11. Great article with lots of great information; however, the opening photo made me cringe. I’m in my 51st year in the industry, having worked as HVAC contractor, code official, adjunct faculty, and currently involved as a consultant, and an HVAC/mechanical and energy code instructor. One of the most common installation errors impacting unit performance and efficiency is the lack of required clearance around a condensing unit or a heat pump. The Frigidaire installation instructions require 18″ between two units, one side can be no closer than 6″ to a wall/building, 24″ on the service access side, and 12″ on other sides. This installation fails to meet the manufacturer’s installation requirements. We constantly rightly talk about indoor airflow, but often fail to recognize its importance at the outdoor unit.

  12. Just an observation about setbacks. I have found that employing a smart thermostat, in this case an Emerson Sensi, which modulates start of recovery as a function of actual deviation from target temperature, will permit fairly significant setback settings. I setback to 58° with morning target of 68° with no problem. Of course, when it’s really cold the system may start recovery at 3:00 AM . But still I’ve realized savings compared to no setback. My system is 2 stage compressor with auxiliary resistance heat. I disable auxiliary heat above 15° ( rarely needed)

  13. Came back here as I’ve been trying to find good information on where to set my heat pump lock out point at its most economical setting. I’d love a link to a simple calculator that would help me figure this out. My HVAC installer seems to be a “rule of thumb” kind of thumb thinker. I found the lock out set point at 45 degree’s and reset it to 25. I’m pretty sure my equipment is sized to the heat load as we had a professional manual j done to size out the equipment (thank Allison). My calculations show that my cost per therm of heat is 2x when we use our oil fired boiler to provide auxillary heat given the current cost of oil vs electricity but I’m not positive that my cost per therm with the heat pump is calculated accurately.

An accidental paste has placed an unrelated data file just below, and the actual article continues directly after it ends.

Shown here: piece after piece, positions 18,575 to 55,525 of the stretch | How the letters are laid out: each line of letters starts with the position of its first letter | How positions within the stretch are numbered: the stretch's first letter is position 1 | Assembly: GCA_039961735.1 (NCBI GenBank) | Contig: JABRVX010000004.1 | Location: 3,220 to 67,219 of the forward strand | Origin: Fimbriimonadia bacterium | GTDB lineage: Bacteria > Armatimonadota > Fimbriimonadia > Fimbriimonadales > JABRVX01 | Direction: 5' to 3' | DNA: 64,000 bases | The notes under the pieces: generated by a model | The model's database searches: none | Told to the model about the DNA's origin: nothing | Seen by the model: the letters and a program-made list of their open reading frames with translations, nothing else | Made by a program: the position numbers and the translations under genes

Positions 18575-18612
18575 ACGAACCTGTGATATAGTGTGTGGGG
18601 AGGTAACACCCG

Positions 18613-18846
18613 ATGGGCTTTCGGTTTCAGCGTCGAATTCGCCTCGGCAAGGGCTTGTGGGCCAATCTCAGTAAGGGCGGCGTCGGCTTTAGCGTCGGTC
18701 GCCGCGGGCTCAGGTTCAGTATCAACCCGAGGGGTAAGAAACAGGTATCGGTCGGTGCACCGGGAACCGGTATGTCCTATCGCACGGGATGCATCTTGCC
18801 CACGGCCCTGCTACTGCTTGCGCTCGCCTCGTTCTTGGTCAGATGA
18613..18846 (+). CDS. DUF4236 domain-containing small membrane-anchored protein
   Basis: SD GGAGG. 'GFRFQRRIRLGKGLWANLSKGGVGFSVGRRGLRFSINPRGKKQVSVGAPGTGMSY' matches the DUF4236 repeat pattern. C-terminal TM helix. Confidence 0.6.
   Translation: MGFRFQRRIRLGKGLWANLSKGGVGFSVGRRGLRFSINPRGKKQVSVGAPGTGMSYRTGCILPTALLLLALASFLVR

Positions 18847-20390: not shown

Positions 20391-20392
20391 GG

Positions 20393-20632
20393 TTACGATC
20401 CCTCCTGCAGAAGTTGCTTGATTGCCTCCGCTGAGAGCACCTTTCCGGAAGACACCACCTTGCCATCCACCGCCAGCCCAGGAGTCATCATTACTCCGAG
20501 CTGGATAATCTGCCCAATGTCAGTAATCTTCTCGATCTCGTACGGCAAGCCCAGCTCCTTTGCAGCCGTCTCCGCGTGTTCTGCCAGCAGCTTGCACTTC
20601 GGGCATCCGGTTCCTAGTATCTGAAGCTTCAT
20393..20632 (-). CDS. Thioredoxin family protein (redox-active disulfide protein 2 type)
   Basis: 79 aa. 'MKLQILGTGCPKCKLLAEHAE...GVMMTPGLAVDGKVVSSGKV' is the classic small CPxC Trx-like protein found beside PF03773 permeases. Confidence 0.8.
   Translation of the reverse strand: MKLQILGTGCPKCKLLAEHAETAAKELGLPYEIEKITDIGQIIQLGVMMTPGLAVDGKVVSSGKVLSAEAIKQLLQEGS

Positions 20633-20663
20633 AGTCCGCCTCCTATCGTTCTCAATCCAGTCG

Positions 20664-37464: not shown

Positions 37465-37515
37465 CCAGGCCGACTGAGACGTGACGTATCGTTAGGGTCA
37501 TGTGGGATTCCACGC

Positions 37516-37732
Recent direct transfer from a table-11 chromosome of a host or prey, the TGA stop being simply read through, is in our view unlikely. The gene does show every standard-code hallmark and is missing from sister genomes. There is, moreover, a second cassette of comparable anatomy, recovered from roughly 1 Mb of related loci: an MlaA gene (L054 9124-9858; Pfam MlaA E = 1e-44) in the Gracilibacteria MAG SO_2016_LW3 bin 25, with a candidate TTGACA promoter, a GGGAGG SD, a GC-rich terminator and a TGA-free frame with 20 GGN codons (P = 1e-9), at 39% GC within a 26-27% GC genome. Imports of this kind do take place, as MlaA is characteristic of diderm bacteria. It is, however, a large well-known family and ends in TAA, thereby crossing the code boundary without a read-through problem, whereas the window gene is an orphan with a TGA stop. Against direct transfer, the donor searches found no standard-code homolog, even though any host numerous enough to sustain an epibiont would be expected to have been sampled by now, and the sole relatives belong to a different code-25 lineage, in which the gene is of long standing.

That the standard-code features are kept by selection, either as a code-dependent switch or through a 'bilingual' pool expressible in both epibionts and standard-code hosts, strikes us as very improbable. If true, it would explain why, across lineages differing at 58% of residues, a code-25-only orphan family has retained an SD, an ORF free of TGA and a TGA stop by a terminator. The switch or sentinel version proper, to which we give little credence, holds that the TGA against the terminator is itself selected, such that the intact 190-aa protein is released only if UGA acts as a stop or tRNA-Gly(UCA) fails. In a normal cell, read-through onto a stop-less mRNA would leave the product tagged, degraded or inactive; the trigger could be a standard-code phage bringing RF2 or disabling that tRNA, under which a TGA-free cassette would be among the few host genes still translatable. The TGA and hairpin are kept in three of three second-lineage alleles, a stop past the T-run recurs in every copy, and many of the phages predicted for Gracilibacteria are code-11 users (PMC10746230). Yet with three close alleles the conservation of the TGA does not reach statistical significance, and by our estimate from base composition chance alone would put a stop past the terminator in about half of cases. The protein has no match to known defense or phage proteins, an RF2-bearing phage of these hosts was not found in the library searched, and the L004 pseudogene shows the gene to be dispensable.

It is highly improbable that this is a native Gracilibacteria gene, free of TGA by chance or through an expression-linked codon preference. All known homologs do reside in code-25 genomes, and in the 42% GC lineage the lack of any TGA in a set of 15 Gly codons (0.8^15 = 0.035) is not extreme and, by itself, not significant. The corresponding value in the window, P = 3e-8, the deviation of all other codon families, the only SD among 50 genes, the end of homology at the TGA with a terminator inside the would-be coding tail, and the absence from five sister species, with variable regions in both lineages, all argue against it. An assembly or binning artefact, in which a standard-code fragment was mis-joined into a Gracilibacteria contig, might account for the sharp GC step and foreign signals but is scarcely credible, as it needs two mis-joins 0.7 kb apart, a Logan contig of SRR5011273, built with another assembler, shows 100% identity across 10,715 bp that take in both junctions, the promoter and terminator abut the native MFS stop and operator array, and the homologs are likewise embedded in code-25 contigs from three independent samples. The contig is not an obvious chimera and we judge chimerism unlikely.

I’ve also started monitoring the temp of the conditioned attic all the utilities are located in and have found it about 15 degree higher than the living space below. I have not seen any article on regulating temps in conditioned attics an am curious what others experience……. Thinking about installing winter time “return ducts” in the attic space but need to do more research. Rafters are insulated to roof peak, no insulation installed in ceiling of the living space (may have been a mistake?)

  14. Those 2 condensors in the photo are quite close together. Is that only okay because you’re in a warm climate? My 2 in a cold climate are wall mounted but not operating right because they are too close together.

    Also the last post mentioned a hot attic… We realized the top of our 10′ ceilings are about 15 degrees warmer than the bottom. Do reversing ceiling fans really help that problem?